The above clip is from South Park’s 200th episode, which has reprised the role of the Prophet Muhammad, in a political parody of the fact that every religion can be made fun of without riots breaking out except for Islam.
In the episode, the children meet Tom Cruise at a chocolate factory where he is packing bundles of fudge into boxes. They ask him why he’s “packing fudge”, which angers Cruise and leads him to bring a lawsuit against South Park. The only way that Cruise will drop the suit is if the town brings the Prophet Muhammad to South Park.
The whole point of the show is to lampoon the double standards applied to Islam and other religions in the media. There is a scene involving the “Super Best Friends”, that features every religious figure acting as super heroes, including Buddha, who does lines of cocaine on a table as Jesus is speaking. For the scenes of Muhammad, the image is blacked out by a large “censored” graphic.
Eventually, Muhammad agrees to appear in South Park in a bear mascot costume so as not to offend Muslims. But this, apparently, still managed to upset Muslims. Despite the point of the cartoon being a farcical exaggeration of Islamic intolerance, reality managed to disprove that it was an exaggeration at all.
An Islamic group posted a video on YouTube today condemning the South Park episode, and calling for attacks on the creators. They posted images of Matt Stone and Trey Parker, followed with images of others who have dared to insult Islam, including a picture of the murdered Theo Van Gogh with a knife sticking out of his chest. In the video the speaker said that whosoever insults Islam shall be met with the sword, and that once the followers of Islam have taken up the sword against someone, there shall be no negotiation that causes them to change their mind.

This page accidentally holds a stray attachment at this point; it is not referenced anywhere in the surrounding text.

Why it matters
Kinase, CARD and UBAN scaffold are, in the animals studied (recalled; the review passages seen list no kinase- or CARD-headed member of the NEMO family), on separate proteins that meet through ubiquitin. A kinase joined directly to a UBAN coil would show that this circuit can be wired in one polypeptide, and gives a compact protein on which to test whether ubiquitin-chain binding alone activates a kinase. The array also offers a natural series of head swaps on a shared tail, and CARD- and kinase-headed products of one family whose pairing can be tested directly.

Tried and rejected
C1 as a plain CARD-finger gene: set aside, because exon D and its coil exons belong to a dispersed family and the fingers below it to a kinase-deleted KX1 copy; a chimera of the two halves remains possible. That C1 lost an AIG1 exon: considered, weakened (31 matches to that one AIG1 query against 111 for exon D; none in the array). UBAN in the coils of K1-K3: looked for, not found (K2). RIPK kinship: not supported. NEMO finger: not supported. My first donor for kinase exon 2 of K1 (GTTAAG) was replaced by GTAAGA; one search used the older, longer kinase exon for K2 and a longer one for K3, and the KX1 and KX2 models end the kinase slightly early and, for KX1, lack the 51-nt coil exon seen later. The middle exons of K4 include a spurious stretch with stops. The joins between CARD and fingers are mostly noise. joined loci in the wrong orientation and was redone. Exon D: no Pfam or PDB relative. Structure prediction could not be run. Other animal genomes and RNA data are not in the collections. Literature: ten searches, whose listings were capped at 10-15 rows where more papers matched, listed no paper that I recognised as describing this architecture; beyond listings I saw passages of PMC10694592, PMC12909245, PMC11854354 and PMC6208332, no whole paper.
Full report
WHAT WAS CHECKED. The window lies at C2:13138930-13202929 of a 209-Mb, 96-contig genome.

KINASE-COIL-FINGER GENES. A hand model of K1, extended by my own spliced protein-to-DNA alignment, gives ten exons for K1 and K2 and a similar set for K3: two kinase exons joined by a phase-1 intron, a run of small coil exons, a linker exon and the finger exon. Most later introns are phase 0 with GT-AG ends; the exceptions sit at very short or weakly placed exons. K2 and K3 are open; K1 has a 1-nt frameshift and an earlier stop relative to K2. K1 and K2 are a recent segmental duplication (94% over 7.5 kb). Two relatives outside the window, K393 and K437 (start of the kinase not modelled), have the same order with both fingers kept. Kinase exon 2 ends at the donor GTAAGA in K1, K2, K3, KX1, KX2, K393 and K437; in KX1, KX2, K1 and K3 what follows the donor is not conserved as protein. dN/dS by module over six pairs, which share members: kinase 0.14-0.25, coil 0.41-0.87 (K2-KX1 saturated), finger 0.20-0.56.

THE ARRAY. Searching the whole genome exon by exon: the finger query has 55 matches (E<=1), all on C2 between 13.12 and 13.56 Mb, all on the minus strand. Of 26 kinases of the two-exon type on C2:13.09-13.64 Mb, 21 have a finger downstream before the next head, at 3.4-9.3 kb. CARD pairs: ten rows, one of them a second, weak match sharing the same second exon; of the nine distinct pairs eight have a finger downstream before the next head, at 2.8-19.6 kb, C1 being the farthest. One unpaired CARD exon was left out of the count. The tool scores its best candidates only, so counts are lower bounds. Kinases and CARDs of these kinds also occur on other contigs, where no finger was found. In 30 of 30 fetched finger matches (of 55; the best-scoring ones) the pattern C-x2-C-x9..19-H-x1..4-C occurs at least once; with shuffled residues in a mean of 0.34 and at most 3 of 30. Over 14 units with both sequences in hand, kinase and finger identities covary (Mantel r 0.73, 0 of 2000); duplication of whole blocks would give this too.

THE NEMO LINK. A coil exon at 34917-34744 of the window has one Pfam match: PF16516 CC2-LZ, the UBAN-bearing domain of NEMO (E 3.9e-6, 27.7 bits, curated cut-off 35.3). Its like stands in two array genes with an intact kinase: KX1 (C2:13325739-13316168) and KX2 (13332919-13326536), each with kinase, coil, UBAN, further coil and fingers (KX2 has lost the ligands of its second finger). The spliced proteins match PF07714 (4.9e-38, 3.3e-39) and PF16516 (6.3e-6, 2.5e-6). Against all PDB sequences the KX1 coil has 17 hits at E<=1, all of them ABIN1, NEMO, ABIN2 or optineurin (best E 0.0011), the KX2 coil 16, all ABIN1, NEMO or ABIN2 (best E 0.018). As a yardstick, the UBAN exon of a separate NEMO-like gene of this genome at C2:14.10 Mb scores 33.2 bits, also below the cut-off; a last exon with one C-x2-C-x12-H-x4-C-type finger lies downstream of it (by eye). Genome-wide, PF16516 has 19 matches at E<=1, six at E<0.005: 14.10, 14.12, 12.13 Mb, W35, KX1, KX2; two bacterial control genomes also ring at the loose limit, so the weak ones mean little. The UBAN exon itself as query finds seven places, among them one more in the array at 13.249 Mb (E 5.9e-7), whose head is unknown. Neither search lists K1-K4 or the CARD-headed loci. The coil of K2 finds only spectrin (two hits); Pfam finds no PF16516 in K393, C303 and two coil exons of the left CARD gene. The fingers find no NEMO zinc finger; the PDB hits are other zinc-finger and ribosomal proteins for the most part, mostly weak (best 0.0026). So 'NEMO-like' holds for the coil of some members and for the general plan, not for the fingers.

This could properly be termed an official “fatwa” against the creators of South Park.
“We have to warn Matt and Trey that what they are doing is stupid and they will probably wind up like Theo van Gogh for airing this show,” the group said on its website. “This is not a threat, but a warning of the reality that will likely happen to them.”
South Park has managed to illustrate that not only does Islam not have a funny bone, but that it is a dangerously violent and extremist faith that is so intolerant that it actually manages to chill something as unserious as a cartoon notorious for portraying Satan as being in a homosexual relationship with Saddam Hussein.
CNN asks rhetorically whether South Park has gone “too far” this time. But, of course, it hasn’t gone far enough. The fact remains that we allow our fear of radical Islam to keep us from publishing portrayals of the prophet in the media, lest we inflame the delicate sensibilities of people for whom the concept of humour seems to have been surgically removed at birth.
No one has questioned the freedom of Muslims to believe that the Prophet Muhammad cannot be depicted, but to impose that view on the rest of the world isn’t an opinion any longer. It’s tyranny. South Park cleverly illustrates just how far that tyranny has spread, when a cartoon about a bear representing the prophet can compel Muslims to threaten murder.